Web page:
Every group has their own method of tracking things at the table. I thought I’d start a series on how I, along with my group, have developed over time methods of tracking things in play. These tips are ever-evolving, and certainly could be improved by your input. My hope is that sharing these ideas will start a conversation, and perhaps inspire ways for your group to streamline play at your own table.
Today I’d like to talk about ways of representing Cover and Actions. We’ve tried different methods for representing Cover, including using Scrabble tiles and other tokens (some of which totally didn’t work out), but the method I’m settling on is shown below.
Many methods seem to clutter the board. The least obtrusive method I settled on is also quick to set-up. Using wooden Road tokens from Settlers of Catan (which I ordered from Spiel Pro, who has them, but The Game Crafter has them too, called Sticks there), each represents one Challenge Die of Cover. Each zone gets a number of Sticks equal to the Cover rating, as seen below. (We’ll see a space battle example with more complicated Cover types later.) The Sticks are small and unobtrusive, which I like.
What about the minis? As you can see, I use paper minis (from Wayne Peters’ Star Trek Miniature Maker) and card stands. I got these stands from Spiel Pro, as they seem the best type for my purposes, but there are other varieties of card stands available and in different colours. I prefer the translucent ones, again because they are unobtrusive.
When a character has taken their Turn and cannot act again that round, we turn them on their side like Lieutenant Commander Ivanovic, shown below. When a character suffers an Injury and is out of play, we lay them face-down as shown by the Romulan.
What if they had to Avoid an Injury, and haven’t gained back the ability to Avoid an Injury yet? In that case, we put a Disabled token (borrowed from Star Trek Attack Wing), as shown by poor Lieutenant (j.g.) Ch’Yonak below. (I’m toying with using a different colour base as an alternative.)
We found it also helpful to indicate uncontrolled characters in the Scene, such as Doctor Shu below, since they don’t get their own Actions. I’m settling on this method of propping up the paper mini, placing the base on the side but retaining the orientations above. And at the end of the Round, the minis that aren’t face-down are put back into upright position, so that we can again track who has acted.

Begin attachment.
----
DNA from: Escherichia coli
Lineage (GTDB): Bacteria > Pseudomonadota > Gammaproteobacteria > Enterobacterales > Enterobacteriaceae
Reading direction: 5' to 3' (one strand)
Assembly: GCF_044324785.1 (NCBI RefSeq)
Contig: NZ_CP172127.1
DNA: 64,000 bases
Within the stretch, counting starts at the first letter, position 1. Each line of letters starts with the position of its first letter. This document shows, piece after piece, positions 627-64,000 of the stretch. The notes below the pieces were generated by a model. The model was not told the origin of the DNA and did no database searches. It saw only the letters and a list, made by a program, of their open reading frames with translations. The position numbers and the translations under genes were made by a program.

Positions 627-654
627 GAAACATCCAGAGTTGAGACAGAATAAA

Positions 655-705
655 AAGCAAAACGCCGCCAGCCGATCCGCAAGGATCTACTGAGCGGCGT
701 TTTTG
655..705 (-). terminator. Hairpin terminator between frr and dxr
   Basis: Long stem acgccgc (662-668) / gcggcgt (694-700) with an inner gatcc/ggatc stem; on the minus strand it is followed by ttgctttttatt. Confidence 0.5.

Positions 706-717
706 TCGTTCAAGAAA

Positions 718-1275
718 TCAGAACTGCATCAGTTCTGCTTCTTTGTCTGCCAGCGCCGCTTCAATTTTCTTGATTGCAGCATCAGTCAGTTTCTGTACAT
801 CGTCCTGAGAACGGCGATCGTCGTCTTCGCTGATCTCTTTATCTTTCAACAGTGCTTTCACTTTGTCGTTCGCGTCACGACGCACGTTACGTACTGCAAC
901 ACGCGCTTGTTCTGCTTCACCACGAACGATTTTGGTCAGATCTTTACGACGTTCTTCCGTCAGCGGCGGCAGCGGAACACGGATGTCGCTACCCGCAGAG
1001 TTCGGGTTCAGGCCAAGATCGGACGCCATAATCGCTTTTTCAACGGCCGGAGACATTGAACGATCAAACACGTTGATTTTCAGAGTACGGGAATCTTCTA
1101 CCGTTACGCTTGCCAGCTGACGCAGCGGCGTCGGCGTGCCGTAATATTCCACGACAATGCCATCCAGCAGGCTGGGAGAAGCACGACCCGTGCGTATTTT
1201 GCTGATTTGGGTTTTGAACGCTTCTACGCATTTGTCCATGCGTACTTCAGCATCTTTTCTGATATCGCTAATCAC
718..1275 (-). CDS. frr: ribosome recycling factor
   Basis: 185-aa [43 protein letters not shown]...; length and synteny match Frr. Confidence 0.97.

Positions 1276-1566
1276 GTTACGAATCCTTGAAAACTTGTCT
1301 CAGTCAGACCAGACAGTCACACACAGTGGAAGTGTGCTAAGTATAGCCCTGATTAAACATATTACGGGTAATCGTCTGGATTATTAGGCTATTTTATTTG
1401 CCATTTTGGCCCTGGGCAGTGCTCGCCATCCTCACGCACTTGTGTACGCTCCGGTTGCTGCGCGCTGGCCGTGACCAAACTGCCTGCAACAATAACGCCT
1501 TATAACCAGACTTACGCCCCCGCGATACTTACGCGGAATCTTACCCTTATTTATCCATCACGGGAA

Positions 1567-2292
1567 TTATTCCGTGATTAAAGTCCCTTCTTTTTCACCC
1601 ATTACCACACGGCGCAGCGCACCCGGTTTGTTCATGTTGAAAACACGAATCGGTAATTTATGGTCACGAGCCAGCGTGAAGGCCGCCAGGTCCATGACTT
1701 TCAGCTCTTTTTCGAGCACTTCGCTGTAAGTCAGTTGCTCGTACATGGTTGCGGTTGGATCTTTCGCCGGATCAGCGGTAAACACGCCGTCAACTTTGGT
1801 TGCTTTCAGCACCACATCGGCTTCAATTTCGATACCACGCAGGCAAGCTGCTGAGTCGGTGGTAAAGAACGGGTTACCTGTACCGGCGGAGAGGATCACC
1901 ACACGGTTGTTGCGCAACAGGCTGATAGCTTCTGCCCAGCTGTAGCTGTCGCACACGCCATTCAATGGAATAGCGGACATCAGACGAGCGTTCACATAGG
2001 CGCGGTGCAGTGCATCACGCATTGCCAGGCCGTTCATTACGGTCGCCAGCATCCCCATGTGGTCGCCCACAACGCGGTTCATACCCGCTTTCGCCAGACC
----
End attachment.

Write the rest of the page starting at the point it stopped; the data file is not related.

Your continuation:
In starship combat, there are more options, such as Dense Cover, Fragile Cover, and Volatile Cover. (These can be adapted for personal combat as well – see the possibilities here.) Also, NPC starships have a certain number of Actions usually based on Scale. Those are important to track.
A typical board looks like this (where I’m using a coaster to represent a planet):
As with personal combat, I use Sticks to indicate Cover ratings. A few other conventions are shown.
For Dense Cover, I put a Round token on top of the Sticks. The image below shows Dense Cover 2 in two zones. By putting the Cover rating under the Round token, it reminds the group that the Cover is denser than usual. (You can use a coin or other token instead.)
Fragile Cover is place on top of the Round tokens, and may reduce in rating if Effects are rolled. By putting them on top of the Round tokens, it reminds the group that it’s easy to remove Sticks, and reduce the Cover rating.
For Volatile Cover, I had ordered Lightning tokens alongside the Sticks (I mean, who can resist?). But any kind of token you have around will do. They can be put alongside or on top of the Sticks to show volatility. If we are sticking with shapes as a common language, I would recommend Triangular tokens to denote Volatile. Since I would likely not use Volatile and the option ‘Uncertain’ offered in the Complications article at the same time, I plan to use the Lightning tokens for Uncertain when I need it.
Taking further tokens from Star Trek Attack Wing, we use these oval Shield tokens next to the miniatures, one per Action that the ship still has in each Round. In the diagram below, the Romulan warbird has 6 Actions to take, which is equal to its Scale.
The diagram below shows the Warbird after it has performed five actions, so its action stack is only 1 deep.
Let us know if you have any tips from your table for tracking actions and cover for your fellow Star Trek gamers!